Wolf’s Eye View: Luminarias 2016, an Enlightening Experience

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As I arrived, the volunteers were in desperate need of both lighters and people to light luminarias. This is one of the candles I lit, which actually caught and stayed in place. (Photo by Colin Rice)

(COVINGTON, La.) — In a time when pre-exam week stress looms in, many students seek inner peace through attending the annual St. Paul’s Luminarias celebration.

Luminarias is a tradition brought to SPS through inspiration from a festival in Santa Fe, N.M., 42 years ago. Originally, the SPS event took place the night before the school’s boarders returned home for the Christmas break, and it has since remained to be an enjoyable night of caroling and contemplation during the Advent season.

Coming from a family of parents that always told me to “follow my own path” in terms of faith, I have always celebrated holidays like Christmas with a more secular approach. Though I will not disclose my religious standpoint, I respect all faiths when I enter their houses of worship by either following the customs or listening reverently.

This year marked the first time I attended the actual Luminarias ceremony, although two years ago I had help set up, and I drove through campus to view the finished display. And as I had expected, the numerous glistening luminarias enhanced the hope of many weary souls, including my own.

Carolers attempt to sing while bearing the brunt of the wind and cold. Because their candlesticks kept losing their flame, they resort to using their phone flashlights. (Photo by Colin Rice)

Carolers attempt to sing while bearing the brunt of the wind and cold. Because their candlesticks kept losing their flame, they resort to using their phone flashlights. (Photo by Colin Rice)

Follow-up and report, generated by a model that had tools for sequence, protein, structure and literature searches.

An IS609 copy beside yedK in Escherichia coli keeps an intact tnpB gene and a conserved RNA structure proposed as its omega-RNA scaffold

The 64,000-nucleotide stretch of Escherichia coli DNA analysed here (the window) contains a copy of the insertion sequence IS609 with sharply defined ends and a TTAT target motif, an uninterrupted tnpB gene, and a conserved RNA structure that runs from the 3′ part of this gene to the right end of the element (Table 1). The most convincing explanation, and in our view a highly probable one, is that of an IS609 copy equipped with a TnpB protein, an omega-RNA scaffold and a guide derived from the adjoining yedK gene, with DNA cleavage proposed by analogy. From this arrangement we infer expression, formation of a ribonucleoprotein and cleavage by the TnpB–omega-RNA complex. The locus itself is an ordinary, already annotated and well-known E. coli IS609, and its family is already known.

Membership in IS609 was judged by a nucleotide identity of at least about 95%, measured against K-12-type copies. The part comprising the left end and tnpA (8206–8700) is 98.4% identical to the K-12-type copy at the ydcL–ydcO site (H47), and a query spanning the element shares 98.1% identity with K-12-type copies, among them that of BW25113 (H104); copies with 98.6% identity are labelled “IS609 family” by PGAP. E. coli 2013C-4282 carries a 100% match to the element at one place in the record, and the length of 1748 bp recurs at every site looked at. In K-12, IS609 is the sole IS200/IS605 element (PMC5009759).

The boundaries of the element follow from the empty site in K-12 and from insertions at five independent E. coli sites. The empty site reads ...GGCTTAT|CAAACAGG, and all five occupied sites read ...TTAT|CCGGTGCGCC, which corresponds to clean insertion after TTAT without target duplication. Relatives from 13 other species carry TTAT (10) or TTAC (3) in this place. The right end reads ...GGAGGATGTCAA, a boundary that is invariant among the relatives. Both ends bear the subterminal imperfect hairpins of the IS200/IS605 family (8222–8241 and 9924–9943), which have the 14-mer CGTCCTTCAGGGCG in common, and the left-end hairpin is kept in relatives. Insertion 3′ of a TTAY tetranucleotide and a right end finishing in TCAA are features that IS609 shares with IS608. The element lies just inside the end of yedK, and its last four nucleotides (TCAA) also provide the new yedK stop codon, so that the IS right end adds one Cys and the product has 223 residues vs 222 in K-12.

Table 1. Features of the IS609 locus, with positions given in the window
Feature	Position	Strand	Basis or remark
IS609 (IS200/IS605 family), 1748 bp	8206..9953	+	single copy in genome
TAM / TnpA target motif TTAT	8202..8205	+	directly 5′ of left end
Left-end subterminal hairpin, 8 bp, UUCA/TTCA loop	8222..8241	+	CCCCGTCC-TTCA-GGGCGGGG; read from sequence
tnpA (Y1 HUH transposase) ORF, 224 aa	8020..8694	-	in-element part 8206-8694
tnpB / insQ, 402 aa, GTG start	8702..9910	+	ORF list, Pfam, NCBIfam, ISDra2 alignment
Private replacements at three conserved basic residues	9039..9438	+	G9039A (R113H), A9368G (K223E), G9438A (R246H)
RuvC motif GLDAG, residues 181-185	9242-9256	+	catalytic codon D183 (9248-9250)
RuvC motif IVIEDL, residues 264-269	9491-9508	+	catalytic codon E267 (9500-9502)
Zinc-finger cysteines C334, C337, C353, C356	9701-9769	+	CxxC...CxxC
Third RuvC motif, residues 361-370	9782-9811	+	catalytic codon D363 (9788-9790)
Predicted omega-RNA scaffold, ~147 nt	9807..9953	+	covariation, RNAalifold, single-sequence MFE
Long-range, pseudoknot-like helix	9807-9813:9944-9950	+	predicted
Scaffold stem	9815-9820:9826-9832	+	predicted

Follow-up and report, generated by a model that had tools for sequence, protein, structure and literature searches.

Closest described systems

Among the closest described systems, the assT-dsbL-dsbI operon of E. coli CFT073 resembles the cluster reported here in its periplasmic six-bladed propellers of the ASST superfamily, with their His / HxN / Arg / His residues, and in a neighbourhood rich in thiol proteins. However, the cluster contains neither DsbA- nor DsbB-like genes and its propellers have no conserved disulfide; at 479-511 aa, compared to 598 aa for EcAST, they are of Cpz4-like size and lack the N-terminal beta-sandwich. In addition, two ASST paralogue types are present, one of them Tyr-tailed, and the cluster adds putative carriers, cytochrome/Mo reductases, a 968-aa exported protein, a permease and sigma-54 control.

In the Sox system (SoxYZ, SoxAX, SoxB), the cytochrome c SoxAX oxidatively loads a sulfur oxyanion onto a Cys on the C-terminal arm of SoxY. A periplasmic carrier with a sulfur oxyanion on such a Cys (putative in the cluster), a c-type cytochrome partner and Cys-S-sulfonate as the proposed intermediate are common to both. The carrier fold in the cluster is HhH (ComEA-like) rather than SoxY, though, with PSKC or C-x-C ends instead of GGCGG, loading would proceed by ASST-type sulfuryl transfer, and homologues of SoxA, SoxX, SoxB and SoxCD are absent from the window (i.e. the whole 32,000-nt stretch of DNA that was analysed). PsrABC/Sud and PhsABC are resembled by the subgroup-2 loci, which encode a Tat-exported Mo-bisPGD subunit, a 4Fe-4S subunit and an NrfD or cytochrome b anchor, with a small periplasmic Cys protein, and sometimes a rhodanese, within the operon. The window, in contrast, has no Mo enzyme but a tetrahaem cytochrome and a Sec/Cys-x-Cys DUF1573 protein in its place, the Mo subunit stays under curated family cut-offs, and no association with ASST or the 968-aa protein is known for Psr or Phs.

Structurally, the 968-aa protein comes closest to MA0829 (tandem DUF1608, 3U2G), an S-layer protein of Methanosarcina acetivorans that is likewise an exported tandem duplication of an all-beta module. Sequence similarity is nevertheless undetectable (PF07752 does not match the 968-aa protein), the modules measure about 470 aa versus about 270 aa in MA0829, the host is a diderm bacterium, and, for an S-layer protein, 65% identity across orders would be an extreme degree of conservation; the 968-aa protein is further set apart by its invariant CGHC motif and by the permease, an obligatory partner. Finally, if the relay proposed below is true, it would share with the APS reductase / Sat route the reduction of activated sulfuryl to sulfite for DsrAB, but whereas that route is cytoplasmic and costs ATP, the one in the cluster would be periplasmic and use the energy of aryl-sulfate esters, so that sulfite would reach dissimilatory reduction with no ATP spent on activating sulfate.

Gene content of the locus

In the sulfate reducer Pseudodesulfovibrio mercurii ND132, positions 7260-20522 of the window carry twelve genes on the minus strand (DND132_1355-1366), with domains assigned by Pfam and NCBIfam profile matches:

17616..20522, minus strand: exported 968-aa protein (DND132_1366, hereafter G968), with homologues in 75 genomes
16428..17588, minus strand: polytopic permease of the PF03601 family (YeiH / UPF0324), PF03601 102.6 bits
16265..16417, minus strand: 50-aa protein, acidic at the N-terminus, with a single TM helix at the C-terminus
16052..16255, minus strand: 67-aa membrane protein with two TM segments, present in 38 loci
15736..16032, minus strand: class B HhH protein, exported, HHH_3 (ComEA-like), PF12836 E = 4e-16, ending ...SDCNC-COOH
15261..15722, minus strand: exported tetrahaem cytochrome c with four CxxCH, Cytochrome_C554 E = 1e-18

This year, the wind caused some of the luminaria lanterns to extinguish prematurely, and the cold caused the caroling before the prayer service to be cut short. Despite these factors, the Student Council members and volunteers who organized the event still reflected positive spirits. This, indeed, is the epitome of the “true meaning of Christmas” adage.

As we advanced to the Our Lady of Peace Chapel after caroling, an aura of calmness and inspiration manifested in me. Usually, chapel services are a mandatory school day obligation for me. But because it was an optional experience, I felt less smothered and more open to listening to the reflections by veteran Student Council members.

Members of the Jazz Band enjoy the reception following their concert in the cafeteria. (Photo by Lester Guttuso)

Members of the Jazz Band enjoy the reception following their concert in the cafeteria. (Photo by Lester Guttuso)

After the service, the reception followed in the cafeteria, with musical accompaniment by the Jazz Band. I was only able to stay for three of their pieces, as dinner was waiting, but they did a spectacular job adding a jazzy flair to traditional Christmas tunes.

Attending Luminarias was a very rewarding experience, as I was able to learn more about the religious Christmas traditions and less about the idea that Christmas is merely a holiday which celebrates the approach of winter.

Lux, meaning light, was chosen for this year’s display in Hunter Stadium. In the smaller stands, a faint #36 is present, a sign of support for injured football player Michael Doherty. (photo by Colin Rice)

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